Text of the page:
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Re: <nettime> Civil and human Rights [3x]
nettime's international court of justice on Wed, 5 May 2004 20:19:45 +0200 (CEST)


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Re: <nettime> Civil and human Rights [3x]



Table of Contents:

   Re: <nettime> Civil and human Rights (from indymedia)                           
     Benjamin Geer <ben {AT} socialtools.net>                                             

   Re: <nettime> Civil and human Rights (from indymedia)                           
     Heiko Recktenwald <uzs106 {AT} uni-bonn.de>                                          

   Re: <nettime> Civil and human Rights (from indymedia)                           
     Benjamin Geer <ben {AT} socialtools.net>                                             



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Date: Tue, 04 May 2004 19:08:45 +0100
From: Benjamin Geer <ben {AT} socialtools.net>
Subject: Re: <nettime> Civil and human Rights (from indymedia)

Heiko Recktenwald wrote:
>>>A confessed murder, well, this is history, like the confessed murderers in
>>>Poland and elsewhere, who evicted major parts of the population after WW
>>>2. 30 years is enough.
>>
>>Do you therefore also believe that, for example, it was wrong to
>>extradite Klaus Barbie from Bolivia and put him on trial in France in
>>1987, 40 years after the fact?
> 
> Beautifull question, this is really another topic.
> 
> Those were crimes against humanity and two countries were involved.

A 'crime against humanity' should be punished, but not the murder of 
four human beings and the paralysis of a fifth?  'Two countries were 
involved': crimes against states should be punished, but not crimes 
against individuals?

> Here we have the question if we want peace in Italy.

Sorry, I don't understand: you think peace in Italy depends on what 
happens to Battisti?

There seems to be a broad consensus in Italy about 1970s leftist 
terrorist groups: even Refondazione comunista has declared that 
non-violence is the the only acceptable form of struggle.  The Italian 
press, both left and right, has reacted with incomprehension and 
indignation to the support that prominent French intellectuals have 
voiced for Battisti.

So it seems that many Italians would feel more peaceful about this 
particular matter if Battisti were returned to Italy, and would even be 
prepared to forgive him if he repented.  But if he remains unrepentant, 
why should he be forgiven?  To turn around well-known slogan, how does 
injustice promote peace?

Ben


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Date: Wed, 5 May 2004 00:47:31 +0200 (CEST)
From: Heiko Recktenwald <uzs106 {AT} uni-bonn.de>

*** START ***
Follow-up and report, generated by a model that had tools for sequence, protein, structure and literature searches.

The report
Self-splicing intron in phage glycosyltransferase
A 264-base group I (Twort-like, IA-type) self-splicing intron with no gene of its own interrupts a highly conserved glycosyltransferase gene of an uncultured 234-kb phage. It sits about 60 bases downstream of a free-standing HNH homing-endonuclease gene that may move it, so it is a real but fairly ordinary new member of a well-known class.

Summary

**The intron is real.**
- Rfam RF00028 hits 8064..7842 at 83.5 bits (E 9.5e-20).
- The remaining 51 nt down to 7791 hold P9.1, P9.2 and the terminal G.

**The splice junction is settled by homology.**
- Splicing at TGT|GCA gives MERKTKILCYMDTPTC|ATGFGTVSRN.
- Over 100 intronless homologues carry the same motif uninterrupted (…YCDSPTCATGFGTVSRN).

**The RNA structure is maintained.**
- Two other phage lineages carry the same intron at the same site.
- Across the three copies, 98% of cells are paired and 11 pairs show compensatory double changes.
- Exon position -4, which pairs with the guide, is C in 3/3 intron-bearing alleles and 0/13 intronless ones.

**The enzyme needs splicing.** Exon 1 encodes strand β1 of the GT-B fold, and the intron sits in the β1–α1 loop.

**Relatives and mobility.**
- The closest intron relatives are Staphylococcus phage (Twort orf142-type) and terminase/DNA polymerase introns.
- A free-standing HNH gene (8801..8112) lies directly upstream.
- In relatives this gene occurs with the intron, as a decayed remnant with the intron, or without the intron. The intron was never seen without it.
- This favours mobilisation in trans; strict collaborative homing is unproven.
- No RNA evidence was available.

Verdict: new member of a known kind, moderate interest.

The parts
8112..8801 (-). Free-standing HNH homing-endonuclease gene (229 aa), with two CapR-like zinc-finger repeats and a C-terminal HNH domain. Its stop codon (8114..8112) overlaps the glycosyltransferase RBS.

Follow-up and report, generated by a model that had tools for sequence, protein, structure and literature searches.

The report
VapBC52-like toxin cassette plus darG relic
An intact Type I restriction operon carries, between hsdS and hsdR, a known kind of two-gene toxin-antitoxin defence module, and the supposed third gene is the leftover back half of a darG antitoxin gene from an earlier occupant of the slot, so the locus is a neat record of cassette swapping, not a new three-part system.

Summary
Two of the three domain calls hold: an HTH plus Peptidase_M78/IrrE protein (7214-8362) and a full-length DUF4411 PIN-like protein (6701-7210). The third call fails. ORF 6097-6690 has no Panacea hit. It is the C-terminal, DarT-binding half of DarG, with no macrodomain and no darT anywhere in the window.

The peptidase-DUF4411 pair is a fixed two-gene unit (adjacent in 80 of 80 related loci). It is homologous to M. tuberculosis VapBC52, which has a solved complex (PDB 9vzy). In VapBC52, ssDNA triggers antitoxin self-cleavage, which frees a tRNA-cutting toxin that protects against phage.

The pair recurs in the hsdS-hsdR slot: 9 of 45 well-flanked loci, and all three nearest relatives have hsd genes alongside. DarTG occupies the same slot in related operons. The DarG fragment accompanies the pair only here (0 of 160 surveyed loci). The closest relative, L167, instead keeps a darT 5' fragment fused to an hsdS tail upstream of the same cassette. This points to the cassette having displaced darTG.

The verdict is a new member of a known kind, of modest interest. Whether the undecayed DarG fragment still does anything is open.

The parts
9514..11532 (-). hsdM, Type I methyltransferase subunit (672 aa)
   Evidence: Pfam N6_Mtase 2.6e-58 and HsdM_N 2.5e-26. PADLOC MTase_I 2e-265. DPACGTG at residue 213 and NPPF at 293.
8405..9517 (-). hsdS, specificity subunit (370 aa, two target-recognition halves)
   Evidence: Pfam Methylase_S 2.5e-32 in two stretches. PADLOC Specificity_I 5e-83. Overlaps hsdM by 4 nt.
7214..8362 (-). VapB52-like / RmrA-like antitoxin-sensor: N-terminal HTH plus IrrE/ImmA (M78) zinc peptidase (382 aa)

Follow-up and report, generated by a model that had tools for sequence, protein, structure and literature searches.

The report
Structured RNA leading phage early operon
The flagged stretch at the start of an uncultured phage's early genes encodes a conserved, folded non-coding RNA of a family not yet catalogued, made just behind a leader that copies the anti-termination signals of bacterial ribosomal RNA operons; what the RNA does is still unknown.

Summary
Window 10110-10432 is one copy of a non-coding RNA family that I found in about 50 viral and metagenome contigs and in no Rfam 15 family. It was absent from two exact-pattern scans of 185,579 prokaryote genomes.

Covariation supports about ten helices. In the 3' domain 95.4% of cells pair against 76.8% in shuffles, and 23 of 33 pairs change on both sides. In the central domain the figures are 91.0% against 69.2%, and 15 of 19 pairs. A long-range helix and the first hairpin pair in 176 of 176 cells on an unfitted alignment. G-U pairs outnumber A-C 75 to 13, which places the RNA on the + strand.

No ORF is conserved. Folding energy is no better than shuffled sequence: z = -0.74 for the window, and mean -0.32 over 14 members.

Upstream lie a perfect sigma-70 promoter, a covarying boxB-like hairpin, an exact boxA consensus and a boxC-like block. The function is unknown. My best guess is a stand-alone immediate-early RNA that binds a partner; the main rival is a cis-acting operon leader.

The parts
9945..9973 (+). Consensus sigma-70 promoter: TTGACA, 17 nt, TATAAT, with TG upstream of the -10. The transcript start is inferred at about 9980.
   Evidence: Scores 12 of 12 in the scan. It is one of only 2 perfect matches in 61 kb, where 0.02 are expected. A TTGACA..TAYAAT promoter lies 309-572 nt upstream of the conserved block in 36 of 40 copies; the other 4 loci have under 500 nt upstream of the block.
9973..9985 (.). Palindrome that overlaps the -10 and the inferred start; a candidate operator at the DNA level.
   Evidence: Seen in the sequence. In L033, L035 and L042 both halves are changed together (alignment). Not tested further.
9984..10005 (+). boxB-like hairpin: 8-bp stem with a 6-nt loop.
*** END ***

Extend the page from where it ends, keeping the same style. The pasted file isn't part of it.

Subject: Re: <nettime> Civil and human Rights (from indymedia)

Dear Benjamin,

> A 'crime against humanity' should be punished, but not the murder of
> four human beings and the paralysis of a fifth?  'Two countries were
> involved': crimes against states should be punished, but not crimes
> against individuals?

You are missing the point. The question is not if it was murder, but if
there should be an amnesty. The legal system is not everything, see the
things that happened at Geneva.


And I think 30 years are enough for an amnesty.


Best, H.


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Date: Wed, 05 May 2004 00:38:56 +0100
From: Benjamin Geer <ben {AT} socialtools.net>
Subject: Re: <nettime> Civil and human Rights (from indymedia)

Heiko Recktenwald wrote:
> The question is not if it was murder, but if
> there should be an amnesty.

But you have given no reason why there should be an amnesty, except for 
a mysterious reference to 'peace in Italy'.

> And I think 30 years are enough for an amnesty.

Now we're going in circles: if 30 years are enough, Klaus Barbie should 
have had an amnesty, too.  Or is there a sliding scale?  All murders 
should be forgiven if the murderer manages to escape prison for 30 
years, unless they killed more than 100,000 people, in which case they 
have to wait 10 additional years for every 100,000 people killed?

 > The legal system is not everything, see the things that happened at
 > Geneva.

I assume you mean Genoa.  What exactly is your point?  That since 'the 
legal system is not everything' it should not be used at all?  Perhaps 
the policemen accused of beating activists in Genoa shouldn't stand 
trial.  Or if convicted, they should just flee to France; perhaps the 
French president will grant them amnesty, too.

While we're at it, maybe the American soldiers and CIA agents who have 
been torturing Iraqis could go to France, too.  I'm sure they'll be 
delighted to know that they just have to enjoy Paris for 30 years, and 
all will be forgiven.  In fact, perhaps France should officially declare 
itself a 'nation of impunity', and invite all the world's murderers to 
move there.

Ben


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